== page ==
Competitive Exams: Political Science Study Material Voter's Identity

The Voters Identity Card

  • Introduced in 1993 during the tenure of the former Chief Election Commissioner TN Seshan.

  • The card distribution to eligible voters has made slow progress in some States.

  • T N Seshan had even incurred the wrath of the judiciary for taking an unrelenting attitude with regard to the issue of cards.

  • His successor MS Gill acknowledged that it is not feasible to make the production of the card mandatory for voting. He made it compulsory for every voter to prove his or her identity by producing either the card or any of several other specified documents.

  • The EC continued the practice as there were no serious complaints of voter having been denied the opportunity to exercise their franchise owing to this requirement. Division Bench of the Allahabad HC held that a person who figures in the electoral roll cannot be denied the statutory right to vote merely on the ground that he or she does not possess any of the 18 documents specified by the Election Commission (EC), in lieu of the Elector's Photo Identity Card (EPIC) that the EC has issued to some voters for establishing identity.

  • The Court observed that the card was intended Jo facilitate the process of election in case of a challenge to the identity of an elector.

  • The court said that the voters in Voters'List could produce before the Presiding officer at the polling booths any valid document, even other than the 18 documents specified by the E. C, instead of the card, in order to establish their identity.

  • The Allahabad HC's judgement is an indicator that EC's requirement might be flawed. The argument runs as such:

  • The right to vote is a statutory right; the EC's insistence that voters establish their identity with the aid of a prescribed document if not an elector's Photo Identity Card, amounts to intervention by the Commission in the exercise of a statutory right.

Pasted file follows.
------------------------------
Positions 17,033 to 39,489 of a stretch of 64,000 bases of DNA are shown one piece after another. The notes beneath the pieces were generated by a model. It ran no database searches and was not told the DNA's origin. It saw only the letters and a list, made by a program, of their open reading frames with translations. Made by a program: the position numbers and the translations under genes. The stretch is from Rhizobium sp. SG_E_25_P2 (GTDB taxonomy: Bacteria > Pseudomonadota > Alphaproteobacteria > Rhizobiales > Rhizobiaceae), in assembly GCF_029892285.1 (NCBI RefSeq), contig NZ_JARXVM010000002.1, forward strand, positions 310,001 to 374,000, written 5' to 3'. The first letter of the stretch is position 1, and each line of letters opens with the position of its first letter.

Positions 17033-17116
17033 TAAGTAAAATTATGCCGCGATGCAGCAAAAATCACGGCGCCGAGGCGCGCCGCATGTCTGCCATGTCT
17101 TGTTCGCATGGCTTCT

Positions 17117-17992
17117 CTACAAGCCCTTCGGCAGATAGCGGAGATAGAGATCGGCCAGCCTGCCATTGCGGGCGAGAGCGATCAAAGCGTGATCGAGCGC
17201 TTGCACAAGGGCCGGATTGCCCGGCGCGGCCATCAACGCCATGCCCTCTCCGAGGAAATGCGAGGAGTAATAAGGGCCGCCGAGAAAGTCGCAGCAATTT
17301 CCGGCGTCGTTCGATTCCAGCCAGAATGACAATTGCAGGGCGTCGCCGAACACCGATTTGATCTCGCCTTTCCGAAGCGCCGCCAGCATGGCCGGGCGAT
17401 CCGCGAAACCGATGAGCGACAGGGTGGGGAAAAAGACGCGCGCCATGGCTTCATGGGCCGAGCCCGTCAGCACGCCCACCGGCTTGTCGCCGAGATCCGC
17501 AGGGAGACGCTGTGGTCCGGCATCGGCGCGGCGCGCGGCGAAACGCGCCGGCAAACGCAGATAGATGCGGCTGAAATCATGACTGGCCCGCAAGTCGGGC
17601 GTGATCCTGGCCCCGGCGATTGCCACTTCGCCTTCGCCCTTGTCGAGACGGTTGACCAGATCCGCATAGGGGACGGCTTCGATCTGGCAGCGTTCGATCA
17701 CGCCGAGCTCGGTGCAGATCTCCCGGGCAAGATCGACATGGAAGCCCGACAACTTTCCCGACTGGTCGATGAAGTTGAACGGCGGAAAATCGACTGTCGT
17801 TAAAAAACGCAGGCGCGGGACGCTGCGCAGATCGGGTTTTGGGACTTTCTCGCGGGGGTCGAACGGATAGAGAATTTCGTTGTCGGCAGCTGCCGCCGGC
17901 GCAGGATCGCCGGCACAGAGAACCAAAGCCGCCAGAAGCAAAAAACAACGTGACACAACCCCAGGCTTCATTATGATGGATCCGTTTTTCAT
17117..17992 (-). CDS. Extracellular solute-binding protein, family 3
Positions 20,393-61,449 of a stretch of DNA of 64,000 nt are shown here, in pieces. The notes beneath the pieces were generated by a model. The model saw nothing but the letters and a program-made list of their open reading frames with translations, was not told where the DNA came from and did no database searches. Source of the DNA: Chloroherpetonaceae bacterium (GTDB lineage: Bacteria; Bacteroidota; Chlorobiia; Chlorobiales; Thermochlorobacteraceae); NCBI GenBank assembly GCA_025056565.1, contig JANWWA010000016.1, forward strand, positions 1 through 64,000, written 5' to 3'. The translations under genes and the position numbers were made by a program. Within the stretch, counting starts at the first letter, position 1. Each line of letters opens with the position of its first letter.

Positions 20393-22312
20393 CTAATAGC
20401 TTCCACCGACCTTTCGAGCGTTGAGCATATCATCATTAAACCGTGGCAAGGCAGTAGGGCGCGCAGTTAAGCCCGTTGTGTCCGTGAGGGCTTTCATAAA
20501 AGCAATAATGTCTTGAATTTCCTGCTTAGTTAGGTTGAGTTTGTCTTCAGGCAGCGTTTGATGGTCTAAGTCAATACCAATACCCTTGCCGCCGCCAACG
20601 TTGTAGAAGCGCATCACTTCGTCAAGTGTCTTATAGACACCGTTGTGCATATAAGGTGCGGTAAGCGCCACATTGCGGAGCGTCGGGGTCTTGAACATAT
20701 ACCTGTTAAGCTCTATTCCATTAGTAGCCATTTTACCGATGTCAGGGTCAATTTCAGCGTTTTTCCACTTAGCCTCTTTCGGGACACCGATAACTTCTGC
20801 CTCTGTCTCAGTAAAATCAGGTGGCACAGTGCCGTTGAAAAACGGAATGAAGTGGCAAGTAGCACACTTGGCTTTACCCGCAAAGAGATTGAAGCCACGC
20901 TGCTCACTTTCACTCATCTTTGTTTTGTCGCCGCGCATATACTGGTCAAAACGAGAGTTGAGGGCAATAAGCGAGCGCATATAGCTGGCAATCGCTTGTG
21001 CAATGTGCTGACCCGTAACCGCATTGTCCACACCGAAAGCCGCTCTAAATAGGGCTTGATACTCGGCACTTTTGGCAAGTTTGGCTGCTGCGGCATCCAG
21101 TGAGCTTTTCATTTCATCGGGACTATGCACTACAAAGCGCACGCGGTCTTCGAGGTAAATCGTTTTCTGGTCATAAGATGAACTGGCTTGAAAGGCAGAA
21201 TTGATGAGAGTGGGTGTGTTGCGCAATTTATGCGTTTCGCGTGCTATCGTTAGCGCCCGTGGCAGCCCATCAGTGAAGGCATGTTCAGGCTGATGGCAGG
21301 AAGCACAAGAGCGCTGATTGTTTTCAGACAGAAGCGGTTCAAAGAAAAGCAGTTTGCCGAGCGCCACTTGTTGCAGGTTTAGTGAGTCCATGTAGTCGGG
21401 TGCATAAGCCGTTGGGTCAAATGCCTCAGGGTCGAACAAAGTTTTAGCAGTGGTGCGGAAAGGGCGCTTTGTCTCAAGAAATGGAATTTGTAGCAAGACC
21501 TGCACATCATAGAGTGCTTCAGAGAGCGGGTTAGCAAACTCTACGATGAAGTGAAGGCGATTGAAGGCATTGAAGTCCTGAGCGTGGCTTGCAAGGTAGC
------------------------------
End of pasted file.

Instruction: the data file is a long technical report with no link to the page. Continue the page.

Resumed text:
• The EC seems to have compromised the electoral process by insisting that the requirement is to be met with:

  • The Allahabad High Court pointed out that section 28_pf the Registration of Elector Rules 1961, clearly specifies the mode of identification of voter.

  • If the statute specifies that a particular procedure be followed, it is to be followed that way and in no other way, the court said.

  • The EC's requirement was justified by the virtue of Article 324 of the Constitution, and questioned the Allahabad High Court's powers to hear the matter once the notification for elections has been issued, in view of Article 324 (b).

  • Article 324 (1): According to the SC, it has wide cannotations so as to include therein such powers as are necessary for the effective holding of the elections.

  • The Article is intended to empower the EC to act in contingencies that are not provided for by law, and to pass necessary orders for the conduct of the election.

  • In its judgement, the Allahabad HC, citing a SC order, made it clear that Article 324 (1) was subject to the norms of fairness.

  • Under Article 329 (b), no election to Parliament or the State Legislatures shall be questioned except by means of an election petition presented Jo_a HC under the RPA (the Representation of the People's Act).

  • The term ‘election’ has been interpreted to include all steps and proceedings commencing from the date of notification till the date of declaration of the result.

  • Under this Article, if an election is called in to question, and this interrupts, obstructs, or protracts the election process, the involvement of the judicial remedy has to be postponed until after the elections in order to facilitate the functioning of the democracy.

  • The SC has held in the election appeal case that judicial intervention is allowable if the assistance of the court is sought to correct or smoothen election proceedings, to remove obstacles therein, or to preserve a vital piece of evidence if the same would be lost or destroyed or rendered irretrievable by the time the results are declared and the jurisdiction of the Court is valid

Delimitation

Delimitation is the redrawing of the boundaries of a parliamentary or an assembly constituency to make sure that there are, as near as practicable, the same number of people in each constituency.

Purpose of delimitation

The delimitation exercise is meant to remove the disparities in the size of various electoral constituencies throughout the country.

Who undertakes it?

In India, boundaries are meant to be examined after the ten-yearly census to reflect the changes in the population, for which the Parliament by law establishes an independent Delimitation Commission, made up of the Chief Election Commissioner and two judges or ex-judges from the Supreme Court or the High Court.